Monday, 7 November 2011

Canon J. M. Wilson and the Cathedral Library in the Early Twentieth Century

One of the most distinguished figures associated with Worcester Cathedral Library is Canon James Maurice Wilson (1836-1931).  Wilson was a mathematician, astronomer, historian, theologian, educational reformer and philanthropist (see our ‘Book of the Week’ below); in short, a true Renaissance Man!  Wilson read Mathematics at St John’s College, Cambridge and was afterwards appointed Maths and Science master at Rugby School. He remained at Rugby for 20 years before taking up the position of headmaster at Clifton College, Bristol.  During this time he composed lectures and treatises on morality and Biblical studies as well as work on geometry and double star formations.  He rarely struggled to reconcile scientific knowledge and religion, believing the former to be a revelation of divine power.  Indeed, he put up a passionate defence of Darwin’s theory of evolution.  In 1890 Wilson resigned his place at Clifton in order to enter the Church, firstly as the vicar of Rochdale, then archdeacon of Manchester, and finally canon of Worcester in 1905.  In 1907 he was appointed librarian of the Cathedral, and was reborn as a cataloguer, archivist and medieval scholar.  For 17 years Canon Wilson worked tirelessly to clean, classify, and in some cases transcribe and translate, a number of the Library’s manuscripts and documents.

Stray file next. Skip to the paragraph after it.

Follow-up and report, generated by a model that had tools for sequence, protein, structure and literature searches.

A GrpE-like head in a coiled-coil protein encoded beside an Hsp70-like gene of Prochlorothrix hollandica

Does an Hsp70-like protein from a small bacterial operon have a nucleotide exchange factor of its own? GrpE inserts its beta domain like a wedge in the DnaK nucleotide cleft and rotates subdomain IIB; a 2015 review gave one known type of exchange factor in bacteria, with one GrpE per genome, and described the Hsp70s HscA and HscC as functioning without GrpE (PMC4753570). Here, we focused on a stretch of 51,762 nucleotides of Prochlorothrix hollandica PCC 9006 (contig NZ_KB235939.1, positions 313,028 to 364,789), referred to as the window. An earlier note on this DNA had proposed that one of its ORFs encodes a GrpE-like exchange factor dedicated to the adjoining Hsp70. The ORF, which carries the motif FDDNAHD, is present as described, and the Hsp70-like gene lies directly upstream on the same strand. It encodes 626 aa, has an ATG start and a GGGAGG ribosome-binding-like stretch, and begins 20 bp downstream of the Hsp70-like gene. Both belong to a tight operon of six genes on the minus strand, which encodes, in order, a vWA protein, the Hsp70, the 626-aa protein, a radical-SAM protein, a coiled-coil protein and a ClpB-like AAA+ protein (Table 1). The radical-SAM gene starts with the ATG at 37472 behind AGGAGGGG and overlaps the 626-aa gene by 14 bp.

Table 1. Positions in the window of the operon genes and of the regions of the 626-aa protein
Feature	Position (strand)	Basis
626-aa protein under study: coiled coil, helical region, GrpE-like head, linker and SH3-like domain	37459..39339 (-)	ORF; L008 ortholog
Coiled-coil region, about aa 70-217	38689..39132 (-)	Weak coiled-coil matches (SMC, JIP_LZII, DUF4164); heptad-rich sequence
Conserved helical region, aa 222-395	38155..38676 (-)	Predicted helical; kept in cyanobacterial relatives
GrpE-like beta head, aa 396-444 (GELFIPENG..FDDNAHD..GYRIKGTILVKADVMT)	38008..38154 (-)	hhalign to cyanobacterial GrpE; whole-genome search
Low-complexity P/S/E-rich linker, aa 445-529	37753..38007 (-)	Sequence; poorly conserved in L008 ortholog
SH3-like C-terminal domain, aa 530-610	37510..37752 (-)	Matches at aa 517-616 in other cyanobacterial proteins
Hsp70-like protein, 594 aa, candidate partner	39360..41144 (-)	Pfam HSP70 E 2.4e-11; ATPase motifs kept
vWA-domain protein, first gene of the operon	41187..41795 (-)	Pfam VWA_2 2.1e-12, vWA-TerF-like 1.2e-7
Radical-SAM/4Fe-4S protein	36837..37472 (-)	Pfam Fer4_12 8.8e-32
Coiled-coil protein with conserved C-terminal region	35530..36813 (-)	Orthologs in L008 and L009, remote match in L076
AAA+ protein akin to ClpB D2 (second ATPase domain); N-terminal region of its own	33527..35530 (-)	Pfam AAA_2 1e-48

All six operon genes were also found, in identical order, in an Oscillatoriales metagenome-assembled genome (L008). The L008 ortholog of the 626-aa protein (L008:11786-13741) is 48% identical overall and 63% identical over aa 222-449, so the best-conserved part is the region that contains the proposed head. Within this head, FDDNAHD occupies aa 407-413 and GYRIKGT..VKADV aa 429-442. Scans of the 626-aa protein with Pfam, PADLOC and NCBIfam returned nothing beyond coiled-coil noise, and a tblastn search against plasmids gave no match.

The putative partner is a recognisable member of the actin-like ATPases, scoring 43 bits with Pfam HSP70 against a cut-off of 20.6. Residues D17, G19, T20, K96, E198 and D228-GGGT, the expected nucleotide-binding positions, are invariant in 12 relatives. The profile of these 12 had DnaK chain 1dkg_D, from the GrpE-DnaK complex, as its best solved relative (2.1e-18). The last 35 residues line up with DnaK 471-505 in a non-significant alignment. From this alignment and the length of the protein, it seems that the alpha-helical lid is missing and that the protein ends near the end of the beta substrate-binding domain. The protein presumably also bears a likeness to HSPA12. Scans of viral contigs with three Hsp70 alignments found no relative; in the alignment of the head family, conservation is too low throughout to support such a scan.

The following photograph is a view of the Cathedral Library in Wilson’s time.  It was taken in 1906.  If you compare it with the snapshots I took below it you can see that the library has acquired a good many more books and shelves!  However, there are also a number of elements which have not changed, including the wheeled ladder which is still kept in the same place today.

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